Another day we had a more successful trip into the countryside - this time in a red taxi songthaew, for which Lou had to bargain mightily. There are no metered taxis in Chiang Mai, so hiring one is a shopping experience in itself. Sometimes, we'd flag down several in a row - Lou would show the driver a map, act out a few charades and offer a price. If an agreement could be reached, we'd hop in. Otherwise, we'd flag another one. That day, we hired a taxi for 200 baht ($5) an hour. Lou sat in the cab with a map and had a great time talking with the taxi driver, who spoke considerable English. Joan bounced along by herself in the back. Using Nancy Chandler's terrific map of Chiang Mai (she also publishes one of Bangkok) that shows the most interesting shops, temples, restaurants, hotels and sights, we managed to locate Studio Naenna in a residential neighborhood - down a small lane filled with food vendors and even an old elephant plodding along!
Patricia Naenna, a textile
expert who teaches at
The colorful open markets were fun places to shop. We took three days of classes at the Chiang Mai Thai Cookery School (highly recommended), and one morning our class of twelve followed the three teachers to a food market. We wandered through crowded lanes lined with live snails and eels, slabs of uncooked (and un-refrigerated) meat and piles of tropical fruit: rambutans, mangosteens, longans, custard apples jackfruit and (very smelly) durians. Each student had the task of selecting one ingredient for that day's cooking class. Lou was proud of the acclaim he received from a teacher for choosing perfect Chinese greens and Joan was praised for picking lemongrass stalks that were not "sleepy." (Shown here are Joan - her hair recently shorn by an over-eager Bangkok stylist - and a fellow cook, about to enjoy the Thai food they'd prepared in cooking class.)
After two days of gorging on dishes we'd made at the school, we needed a break from both Thai cooking and Thai eating. So we took the day off. Although we searched diligently for a good non-Thai restaurant, we couldn't find one. Finally, we gave up and went into a Thai cafe. While we were eating, the Hong Tauw Inn's charming owner joined us for conversation. After we finished, he invited us up to the third floor kitchen where he gave us lessons in the preparation of more Thai foods. To be polite, we had to eat all the food we made - so we had TWO big Thai meals on our so-called day off!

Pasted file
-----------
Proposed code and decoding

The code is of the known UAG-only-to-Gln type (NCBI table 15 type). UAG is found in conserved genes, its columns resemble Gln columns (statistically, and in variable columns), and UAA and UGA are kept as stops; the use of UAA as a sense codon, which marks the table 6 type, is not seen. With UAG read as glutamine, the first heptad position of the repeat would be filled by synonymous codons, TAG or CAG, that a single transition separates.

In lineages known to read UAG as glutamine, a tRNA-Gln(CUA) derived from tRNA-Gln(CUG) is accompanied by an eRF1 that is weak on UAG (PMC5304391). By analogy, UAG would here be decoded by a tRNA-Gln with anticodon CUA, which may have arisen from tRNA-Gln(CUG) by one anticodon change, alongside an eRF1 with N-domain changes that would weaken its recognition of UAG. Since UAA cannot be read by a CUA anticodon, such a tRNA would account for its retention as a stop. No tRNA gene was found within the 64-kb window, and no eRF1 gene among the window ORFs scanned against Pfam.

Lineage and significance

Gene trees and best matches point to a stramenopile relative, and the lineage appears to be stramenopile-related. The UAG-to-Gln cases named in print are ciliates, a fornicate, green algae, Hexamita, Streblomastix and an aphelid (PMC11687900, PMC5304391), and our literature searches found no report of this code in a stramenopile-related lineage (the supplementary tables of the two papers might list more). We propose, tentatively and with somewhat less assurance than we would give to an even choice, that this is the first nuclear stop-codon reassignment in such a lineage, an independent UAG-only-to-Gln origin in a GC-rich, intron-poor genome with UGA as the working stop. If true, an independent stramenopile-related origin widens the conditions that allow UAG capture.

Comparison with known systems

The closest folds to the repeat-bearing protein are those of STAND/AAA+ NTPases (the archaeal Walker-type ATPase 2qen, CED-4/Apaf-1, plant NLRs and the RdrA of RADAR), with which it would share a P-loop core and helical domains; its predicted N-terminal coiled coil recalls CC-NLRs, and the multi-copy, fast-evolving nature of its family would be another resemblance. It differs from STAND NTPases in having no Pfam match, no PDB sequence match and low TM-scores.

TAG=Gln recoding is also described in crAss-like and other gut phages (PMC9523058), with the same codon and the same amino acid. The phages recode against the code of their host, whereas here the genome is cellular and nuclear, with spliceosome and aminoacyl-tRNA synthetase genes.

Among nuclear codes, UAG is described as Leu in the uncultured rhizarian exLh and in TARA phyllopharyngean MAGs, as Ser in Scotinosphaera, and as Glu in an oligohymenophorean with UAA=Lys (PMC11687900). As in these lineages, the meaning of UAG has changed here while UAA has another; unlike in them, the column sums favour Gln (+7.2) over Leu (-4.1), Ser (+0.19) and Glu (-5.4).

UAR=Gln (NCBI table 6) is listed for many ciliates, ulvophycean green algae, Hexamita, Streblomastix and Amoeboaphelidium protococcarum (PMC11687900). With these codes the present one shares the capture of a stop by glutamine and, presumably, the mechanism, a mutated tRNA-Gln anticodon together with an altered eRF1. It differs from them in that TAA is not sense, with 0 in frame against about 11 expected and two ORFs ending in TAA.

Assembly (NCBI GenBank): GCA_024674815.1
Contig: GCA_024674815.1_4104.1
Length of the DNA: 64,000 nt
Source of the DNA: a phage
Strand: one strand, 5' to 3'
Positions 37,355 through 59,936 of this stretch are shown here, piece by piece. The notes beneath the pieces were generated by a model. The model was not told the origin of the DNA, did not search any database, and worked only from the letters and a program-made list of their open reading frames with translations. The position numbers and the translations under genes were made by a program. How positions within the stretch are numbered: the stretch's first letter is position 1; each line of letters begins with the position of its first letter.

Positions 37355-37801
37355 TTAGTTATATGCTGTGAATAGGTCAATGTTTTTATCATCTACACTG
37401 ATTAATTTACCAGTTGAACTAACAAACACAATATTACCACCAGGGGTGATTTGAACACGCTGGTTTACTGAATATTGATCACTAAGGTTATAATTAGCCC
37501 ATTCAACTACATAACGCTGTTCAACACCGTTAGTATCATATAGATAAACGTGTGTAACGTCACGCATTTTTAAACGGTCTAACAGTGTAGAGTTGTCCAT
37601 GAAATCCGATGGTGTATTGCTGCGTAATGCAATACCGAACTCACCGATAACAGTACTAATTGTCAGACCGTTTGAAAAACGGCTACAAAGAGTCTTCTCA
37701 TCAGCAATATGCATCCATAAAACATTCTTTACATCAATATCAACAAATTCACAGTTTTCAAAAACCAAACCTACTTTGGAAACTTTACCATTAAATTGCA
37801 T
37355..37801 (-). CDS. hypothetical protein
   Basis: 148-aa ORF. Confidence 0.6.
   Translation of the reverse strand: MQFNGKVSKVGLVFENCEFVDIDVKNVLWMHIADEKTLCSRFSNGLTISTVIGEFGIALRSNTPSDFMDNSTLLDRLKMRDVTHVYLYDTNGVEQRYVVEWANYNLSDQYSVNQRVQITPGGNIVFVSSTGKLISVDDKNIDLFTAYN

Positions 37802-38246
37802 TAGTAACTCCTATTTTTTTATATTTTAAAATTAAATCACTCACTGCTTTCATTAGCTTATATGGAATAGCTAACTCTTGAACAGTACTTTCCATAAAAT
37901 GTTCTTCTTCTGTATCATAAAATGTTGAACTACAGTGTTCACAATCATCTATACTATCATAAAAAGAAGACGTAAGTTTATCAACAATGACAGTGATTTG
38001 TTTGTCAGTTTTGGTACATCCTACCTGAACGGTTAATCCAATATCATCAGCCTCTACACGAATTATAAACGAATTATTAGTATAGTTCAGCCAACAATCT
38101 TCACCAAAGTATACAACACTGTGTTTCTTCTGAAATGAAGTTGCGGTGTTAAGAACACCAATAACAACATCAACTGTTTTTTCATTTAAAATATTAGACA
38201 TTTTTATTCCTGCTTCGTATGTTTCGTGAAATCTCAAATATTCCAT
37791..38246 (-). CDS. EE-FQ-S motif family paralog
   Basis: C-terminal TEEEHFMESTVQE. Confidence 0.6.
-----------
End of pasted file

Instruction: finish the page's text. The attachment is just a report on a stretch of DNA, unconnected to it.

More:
Occasionally, our shopping hit the outer limits of our budget. Little did we realize when we flew into Chiang Mai that we would depart a week later with several works of Yao ritual art! The Yao people (also known as Zao or Mien) originated in southern China, and in recent years have migrated into the northern parts of Vietnam, Laos, and Thailand. We became interested in Yao ritual art at The Lost Heavens, an antique shop in Chiang Mai specializing in Yao paintings, textiles, jewelry and wood carvings. Once or twice a year the Singapore-born Chinese owner of the shop receives a message that some Yao artifacts are available across the border. He has to journey through the infamous opium-growing Golden Triangle where Thailand, Laos and Myanmar meet, and in the dark of night he takes a fast "long-tail" boat up the Mekong River towards the Chinese border. His contact helps him dock and accompanies him by lantern along the trail to the small village of Mong Hsu, where he quickly conducts his transaction and returns to the boat. The entire operation must be completed between dusk and dawn because the customs officials cruise along the river during daylight. These officials are really after opium, not antiques, according to the shop owner, but he avoids a lot of hassle (i.e., bribe-paying) if the deal takes place at night.
The Yao, along with other hill-tribe peoples, have endured a great deal of suffering and economic loss over the last century due to maltreatment by French colonists and later by the Laotians and Vietnamese. As a result, they've had to migrate - slowly selling off their treasured heirlooms and religious artifacts in order to survive. Yao ritual art has only become known in the West for the last few decades, as it was formerly protected within the community and used only for Taoist ceremonial occasions. Much of it has passed through Chiang Mai and Bangkok antique dealers, and now is in private and museum collections.